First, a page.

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June 1986

Race, Breast Milk, and Vitamin D

Author Affiliations

Departments of Pediatrics and Hematology Hacettepe University Ankara, Turkey

Am J Dis Child. 1986;140(6):506. doi:10.1001/archpedi.1986.02140200016013

Sir.—I read with great interest the article by Specker et al.1 They have shown that despite very low vitamin D levels in the breast milk of black mothers (3.6 pg/mL), as compared with those of white mothers (22.3 pg/mL), 25-hydroxyvitamin D (25-OHD) levels were nearly the same in both groups (black mothers, 30.6 pg/mL; white mothers, 41 pg/mL). However, mean serum 25-OHD concentrations of black infants (20 ±6 pg/mL) and white infants (34 ±5 pg/mL) did not indicate vitamin D deficiency despite their diets not being supplemented with vitamins.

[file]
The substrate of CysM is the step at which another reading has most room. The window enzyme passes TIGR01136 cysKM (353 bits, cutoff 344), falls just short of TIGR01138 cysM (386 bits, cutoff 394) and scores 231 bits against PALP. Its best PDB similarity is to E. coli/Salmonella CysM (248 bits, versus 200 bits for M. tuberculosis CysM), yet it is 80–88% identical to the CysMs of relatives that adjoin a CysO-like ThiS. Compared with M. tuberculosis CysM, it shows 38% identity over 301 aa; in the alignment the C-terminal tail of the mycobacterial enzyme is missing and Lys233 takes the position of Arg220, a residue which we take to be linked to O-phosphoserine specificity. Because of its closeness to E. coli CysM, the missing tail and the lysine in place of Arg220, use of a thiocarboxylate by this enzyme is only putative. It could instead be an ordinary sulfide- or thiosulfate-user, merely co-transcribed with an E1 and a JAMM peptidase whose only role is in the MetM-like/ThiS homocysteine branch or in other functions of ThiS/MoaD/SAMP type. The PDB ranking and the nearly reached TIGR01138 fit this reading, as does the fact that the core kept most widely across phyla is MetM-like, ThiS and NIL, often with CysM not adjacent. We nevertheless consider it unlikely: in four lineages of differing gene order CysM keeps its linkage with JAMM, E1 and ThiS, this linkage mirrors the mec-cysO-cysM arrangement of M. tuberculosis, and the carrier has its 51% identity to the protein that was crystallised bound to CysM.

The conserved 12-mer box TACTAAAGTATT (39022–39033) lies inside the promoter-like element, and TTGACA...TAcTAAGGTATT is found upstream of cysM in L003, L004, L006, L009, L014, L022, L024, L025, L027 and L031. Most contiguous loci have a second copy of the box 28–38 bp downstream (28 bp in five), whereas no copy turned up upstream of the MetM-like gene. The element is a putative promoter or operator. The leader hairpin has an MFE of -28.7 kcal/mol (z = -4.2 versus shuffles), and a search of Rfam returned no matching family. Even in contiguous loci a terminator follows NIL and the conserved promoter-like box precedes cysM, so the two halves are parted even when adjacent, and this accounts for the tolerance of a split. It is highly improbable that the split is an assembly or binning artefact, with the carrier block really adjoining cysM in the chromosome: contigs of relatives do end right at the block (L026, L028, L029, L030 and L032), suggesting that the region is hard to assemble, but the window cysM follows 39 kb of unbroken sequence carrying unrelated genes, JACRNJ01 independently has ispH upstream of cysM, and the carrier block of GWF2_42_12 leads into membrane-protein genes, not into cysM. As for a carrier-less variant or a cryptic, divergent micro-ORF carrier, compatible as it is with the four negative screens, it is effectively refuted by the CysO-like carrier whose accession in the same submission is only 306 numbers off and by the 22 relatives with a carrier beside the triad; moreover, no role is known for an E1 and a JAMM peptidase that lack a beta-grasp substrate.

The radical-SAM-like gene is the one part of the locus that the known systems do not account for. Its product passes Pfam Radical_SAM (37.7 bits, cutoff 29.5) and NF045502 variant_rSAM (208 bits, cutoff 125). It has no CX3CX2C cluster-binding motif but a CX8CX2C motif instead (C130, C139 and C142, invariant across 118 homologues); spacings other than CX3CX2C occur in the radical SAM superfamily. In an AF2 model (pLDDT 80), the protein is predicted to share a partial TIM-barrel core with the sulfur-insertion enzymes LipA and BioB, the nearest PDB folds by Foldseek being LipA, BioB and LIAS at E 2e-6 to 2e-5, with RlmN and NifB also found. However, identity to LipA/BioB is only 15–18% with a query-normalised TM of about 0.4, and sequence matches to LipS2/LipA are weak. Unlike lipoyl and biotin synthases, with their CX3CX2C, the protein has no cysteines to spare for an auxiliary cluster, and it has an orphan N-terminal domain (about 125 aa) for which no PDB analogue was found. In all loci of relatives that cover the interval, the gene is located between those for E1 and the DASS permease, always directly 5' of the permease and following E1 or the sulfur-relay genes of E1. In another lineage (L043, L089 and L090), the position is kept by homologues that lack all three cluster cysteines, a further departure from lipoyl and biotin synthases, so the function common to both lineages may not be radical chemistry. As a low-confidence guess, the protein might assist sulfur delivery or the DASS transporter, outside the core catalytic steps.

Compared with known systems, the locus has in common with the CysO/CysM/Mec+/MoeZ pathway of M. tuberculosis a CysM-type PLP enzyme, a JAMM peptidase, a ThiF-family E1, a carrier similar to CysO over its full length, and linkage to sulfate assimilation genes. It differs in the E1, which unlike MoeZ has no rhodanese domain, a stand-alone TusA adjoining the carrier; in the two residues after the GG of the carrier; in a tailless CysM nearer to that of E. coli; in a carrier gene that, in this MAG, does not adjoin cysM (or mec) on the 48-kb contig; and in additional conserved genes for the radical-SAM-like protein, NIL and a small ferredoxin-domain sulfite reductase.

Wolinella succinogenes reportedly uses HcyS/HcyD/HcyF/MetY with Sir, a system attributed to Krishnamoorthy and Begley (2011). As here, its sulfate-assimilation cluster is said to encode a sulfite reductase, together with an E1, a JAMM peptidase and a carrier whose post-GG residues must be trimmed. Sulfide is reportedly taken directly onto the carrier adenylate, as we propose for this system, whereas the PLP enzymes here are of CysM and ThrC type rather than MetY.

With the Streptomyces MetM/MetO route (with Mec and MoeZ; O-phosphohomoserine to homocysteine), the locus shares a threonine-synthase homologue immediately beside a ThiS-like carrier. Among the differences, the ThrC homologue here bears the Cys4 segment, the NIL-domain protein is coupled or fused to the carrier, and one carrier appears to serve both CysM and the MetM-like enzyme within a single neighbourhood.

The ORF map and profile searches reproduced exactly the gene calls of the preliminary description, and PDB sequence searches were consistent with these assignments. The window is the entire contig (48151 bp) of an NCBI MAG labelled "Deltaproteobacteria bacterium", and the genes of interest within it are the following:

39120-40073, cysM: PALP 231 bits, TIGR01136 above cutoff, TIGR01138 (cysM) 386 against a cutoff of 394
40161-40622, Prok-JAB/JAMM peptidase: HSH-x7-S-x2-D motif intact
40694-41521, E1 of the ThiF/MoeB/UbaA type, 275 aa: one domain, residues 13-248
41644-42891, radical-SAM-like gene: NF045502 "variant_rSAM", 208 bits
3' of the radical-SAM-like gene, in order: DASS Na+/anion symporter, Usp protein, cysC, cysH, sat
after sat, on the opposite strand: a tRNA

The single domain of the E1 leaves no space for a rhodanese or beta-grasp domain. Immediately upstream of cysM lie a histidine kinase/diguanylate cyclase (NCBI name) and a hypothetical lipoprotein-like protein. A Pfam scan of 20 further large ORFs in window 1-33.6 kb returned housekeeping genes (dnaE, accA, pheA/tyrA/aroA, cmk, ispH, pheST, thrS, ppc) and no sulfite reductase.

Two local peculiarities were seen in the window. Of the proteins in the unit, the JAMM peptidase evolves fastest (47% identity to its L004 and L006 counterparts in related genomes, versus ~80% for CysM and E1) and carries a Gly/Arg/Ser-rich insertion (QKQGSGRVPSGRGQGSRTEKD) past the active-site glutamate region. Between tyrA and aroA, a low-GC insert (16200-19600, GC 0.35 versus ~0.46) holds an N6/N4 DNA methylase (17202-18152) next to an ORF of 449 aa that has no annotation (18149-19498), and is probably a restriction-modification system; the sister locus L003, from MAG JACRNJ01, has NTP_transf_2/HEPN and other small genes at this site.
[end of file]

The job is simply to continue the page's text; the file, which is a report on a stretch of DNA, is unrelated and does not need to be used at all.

Normal 25-OHD levels, especially of black infants, might suggest that the absorption of vitamin D and specifically that of 25-OHD in breast milk should be studied. If it is shown that absorption of 25-OHD in breast milk is much better than that in formula, as in the case of iron in breast milk, the protective effect of it from